Just in time for Native American Heritage Month are two narratives of famous Indians by famous Indians for children. In response to the misrepresentation in Henry Wadsworth Longfellow's poem “The Song of Hiawatha,” Hiawatha and the Peacemaker sets the record straight on the legend of two Indians who united the warring tribes of the Eastern Great Lakes region to form the Haudenosaunee — what would become of the Six Nations Iroquois Confederacy and the oldest participatory democracy in the world (formed well before the American Revolution). This epic tale is written by Robbie Robertson of The Band fame (who was immortalized in a biography of his own last year), with page-popping illustrations by Caldecott winner David Shannon. Sitting Bull is the latest biography in a series of Lakota histories written and illustrated by S. D. Nelson, who uses the famous chief's life story to contextualize the conflicts making up the American Indian Wars. The book begins with a first-person account of the major events in Sitting Bull's life, dotted throughout with direct quotations and photographs from the time period, followed up by a detailed timeline and concluding with an author's note discussing Nelson's thoughts as a member of the Sioux.
Despite the fact that they represent different tribes and different time periods of Native American history, both stories tell of how Indians have borne the brunt of adaptation in the face of great adversity and conflict. What is most interesting about this pair of stories is how they have incorporated mediums characteristic of the Indian arts. Hiawatha and the Peacemaker includes a CD, not of an exact reading of the text but of Robertson's musical performance of the legend that parents and kids will both enjoy listening to. Nelson has formatted his work in the form of Ledger Book Art: palimpsests that evolved as interred Indians repurposed the accounting cast offs from the U.S. government, examples of which can be seen at the National Museum of the American Indian.
During that lull between the Macy’s Thanksgiving Day Parade and football games, before your home fills up with family and you fill your bellies with food, here are a few new Thanksgiving-themed picture books to share with the kids.
Sharing the Bread: An Old-Fashioned Thanksgiving Story by Pat Zietlow Miller and Jill McElmurry depicts a 19th century family preparing their Thanksgiving feast. Everyone has their own special job — Daddy tends the fire, Grandma bakes her pumpkin pie, the baby sleeps as quietly as a mouse. Short, simple rhymes make for an enjoyable read aloud about the love, hard work and synergy that go into a holiday meal.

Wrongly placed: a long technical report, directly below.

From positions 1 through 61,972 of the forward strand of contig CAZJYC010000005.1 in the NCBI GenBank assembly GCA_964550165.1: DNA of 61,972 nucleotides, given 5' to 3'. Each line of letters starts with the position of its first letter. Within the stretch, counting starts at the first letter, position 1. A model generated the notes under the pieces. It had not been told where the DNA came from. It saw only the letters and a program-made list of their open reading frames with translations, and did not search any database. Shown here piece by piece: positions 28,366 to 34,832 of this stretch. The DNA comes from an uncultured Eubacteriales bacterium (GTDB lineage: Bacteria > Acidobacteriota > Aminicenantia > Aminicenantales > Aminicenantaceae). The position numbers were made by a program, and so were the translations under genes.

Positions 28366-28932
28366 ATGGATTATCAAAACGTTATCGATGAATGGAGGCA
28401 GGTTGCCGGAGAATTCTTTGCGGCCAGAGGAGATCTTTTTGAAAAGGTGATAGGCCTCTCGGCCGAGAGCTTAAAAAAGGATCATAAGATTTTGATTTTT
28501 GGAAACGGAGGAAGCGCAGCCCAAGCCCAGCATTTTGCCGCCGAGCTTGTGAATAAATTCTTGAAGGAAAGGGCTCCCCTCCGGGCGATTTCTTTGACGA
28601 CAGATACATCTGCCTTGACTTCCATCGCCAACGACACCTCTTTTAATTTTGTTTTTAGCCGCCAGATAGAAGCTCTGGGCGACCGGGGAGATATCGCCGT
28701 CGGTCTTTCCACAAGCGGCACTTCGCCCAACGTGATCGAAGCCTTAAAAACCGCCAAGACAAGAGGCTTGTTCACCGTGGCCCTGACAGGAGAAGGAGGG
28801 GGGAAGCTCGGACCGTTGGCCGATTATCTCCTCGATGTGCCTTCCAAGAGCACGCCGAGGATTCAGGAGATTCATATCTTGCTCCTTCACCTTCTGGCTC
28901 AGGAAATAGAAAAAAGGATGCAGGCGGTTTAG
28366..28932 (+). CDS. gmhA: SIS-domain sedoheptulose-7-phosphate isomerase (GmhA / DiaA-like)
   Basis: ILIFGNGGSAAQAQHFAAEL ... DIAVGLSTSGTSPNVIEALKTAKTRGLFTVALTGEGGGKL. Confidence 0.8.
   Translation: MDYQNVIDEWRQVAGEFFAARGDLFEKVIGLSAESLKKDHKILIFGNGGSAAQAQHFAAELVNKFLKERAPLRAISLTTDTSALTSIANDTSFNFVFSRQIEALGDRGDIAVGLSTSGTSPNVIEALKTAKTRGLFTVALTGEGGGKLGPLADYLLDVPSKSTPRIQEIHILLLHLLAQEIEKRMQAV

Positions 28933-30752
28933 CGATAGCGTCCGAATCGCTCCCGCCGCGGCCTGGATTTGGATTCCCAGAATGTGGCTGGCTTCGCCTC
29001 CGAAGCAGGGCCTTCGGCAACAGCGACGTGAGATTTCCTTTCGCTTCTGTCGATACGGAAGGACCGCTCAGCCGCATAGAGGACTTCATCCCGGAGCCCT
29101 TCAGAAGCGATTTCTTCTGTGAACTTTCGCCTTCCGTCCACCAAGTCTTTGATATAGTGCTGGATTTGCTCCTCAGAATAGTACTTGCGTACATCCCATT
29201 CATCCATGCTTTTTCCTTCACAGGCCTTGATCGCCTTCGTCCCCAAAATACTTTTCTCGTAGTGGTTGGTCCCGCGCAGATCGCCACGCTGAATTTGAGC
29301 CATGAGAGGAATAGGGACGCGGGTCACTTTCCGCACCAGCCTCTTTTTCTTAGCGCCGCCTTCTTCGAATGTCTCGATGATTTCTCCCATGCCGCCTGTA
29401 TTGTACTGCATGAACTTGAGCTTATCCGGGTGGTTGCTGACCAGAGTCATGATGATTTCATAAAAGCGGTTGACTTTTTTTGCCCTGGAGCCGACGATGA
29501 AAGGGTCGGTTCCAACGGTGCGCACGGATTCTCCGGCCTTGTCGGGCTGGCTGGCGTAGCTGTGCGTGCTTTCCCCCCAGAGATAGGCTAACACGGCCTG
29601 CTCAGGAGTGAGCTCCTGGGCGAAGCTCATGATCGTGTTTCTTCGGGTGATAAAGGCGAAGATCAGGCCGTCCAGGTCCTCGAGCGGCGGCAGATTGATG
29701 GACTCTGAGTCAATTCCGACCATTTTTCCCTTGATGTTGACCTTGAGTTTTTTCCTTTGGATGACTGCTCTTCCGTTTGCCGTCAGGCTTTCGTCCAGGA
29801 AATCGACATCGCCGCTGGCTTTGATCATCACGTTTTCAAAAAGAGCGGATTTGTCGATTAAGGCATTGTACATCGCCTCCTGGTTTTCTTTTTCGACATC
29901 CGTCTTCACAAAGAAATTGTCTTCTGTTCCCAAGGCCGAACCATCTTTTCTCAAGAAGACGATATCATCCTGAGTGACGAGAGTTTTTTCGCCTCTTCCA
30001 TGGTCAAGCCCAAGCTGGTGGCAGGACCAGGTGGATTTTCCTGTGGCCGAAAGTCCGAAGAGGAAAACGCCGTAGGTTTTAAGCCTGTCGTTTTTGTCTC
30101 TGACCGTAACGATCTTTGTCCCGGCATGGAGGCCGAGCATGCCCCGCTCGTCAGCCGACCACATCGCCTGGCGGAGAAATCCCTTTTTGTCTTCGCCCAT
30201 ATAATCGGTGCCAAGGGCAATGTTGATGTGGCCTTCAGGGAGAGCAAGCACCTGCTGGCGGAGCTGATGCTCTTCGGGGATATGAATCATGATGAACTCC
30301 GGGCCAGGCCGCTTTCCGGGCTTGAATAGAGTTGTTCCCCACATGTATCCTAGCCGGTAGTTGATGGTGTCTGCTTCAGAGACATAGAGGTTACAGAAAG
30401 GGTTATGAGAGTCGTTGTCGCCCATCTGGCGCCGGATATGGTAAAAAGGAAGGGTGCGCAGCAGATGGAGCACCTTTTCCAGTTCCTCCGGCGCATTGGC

In Little Critter: Just a Special Thanksgiving by Mercer Mayer, Little Critter enjoys the Thanksgiving holiday with his family in typical Little Critter fashion — from forgetting his lines during the school play and singing an impromptu song instead, to hitching a ride on a parade float when he’s tired of walking. The illustrations are what make the book so special, adding an additional layer to the narrative by filling in the details that he neglects to mention or showing how his version of events diverges slightly from reality.
If you’re just looking for a quick refresher on the holiday’s roots and customers, Sally Lee delivers A Short History of Thanksgiving. The simple text, illustrated with both drawings and photographs, is perfect for beginning readers and includes details on the tradition of fall festivals, the meaning of thankfulness and also touches on modern ways of celebrating the holiday.
Two new visually stunning picture books capture the essence and energy of the train, a holiday staple and year-round hit with kids of all ages. Celebrated author/illustrators Brian Floca and Elisha Cooper each tackle this transportation wonder and provide entertainment and facts sure to entice readers again and again.
Floca explores America’s early railroads in Locomotive. Illustrations and vibrant text bring the sounds, smells and strength of these mighty vehicles alive on the page. Using the travels of a mother and her two children on the newly constructed Transcontinental Railroad as a framework, Floca masterfully succeeds in presenting the history of the magnificent train and capturing the impact this new mode of travel had on shaping America. Free verse, heavy with alliteration and onomatopoeia, along with frequent changes in font and typeface capture the movement and splendor of the train. The nuanced paintings complement the text and detail the mechanics of the train as well as the beauty of the surrounding landscapes. Endpapers and an author’s note offer enlightening details. Every page offers facts which will delight and educate even the most ardent train aficionado.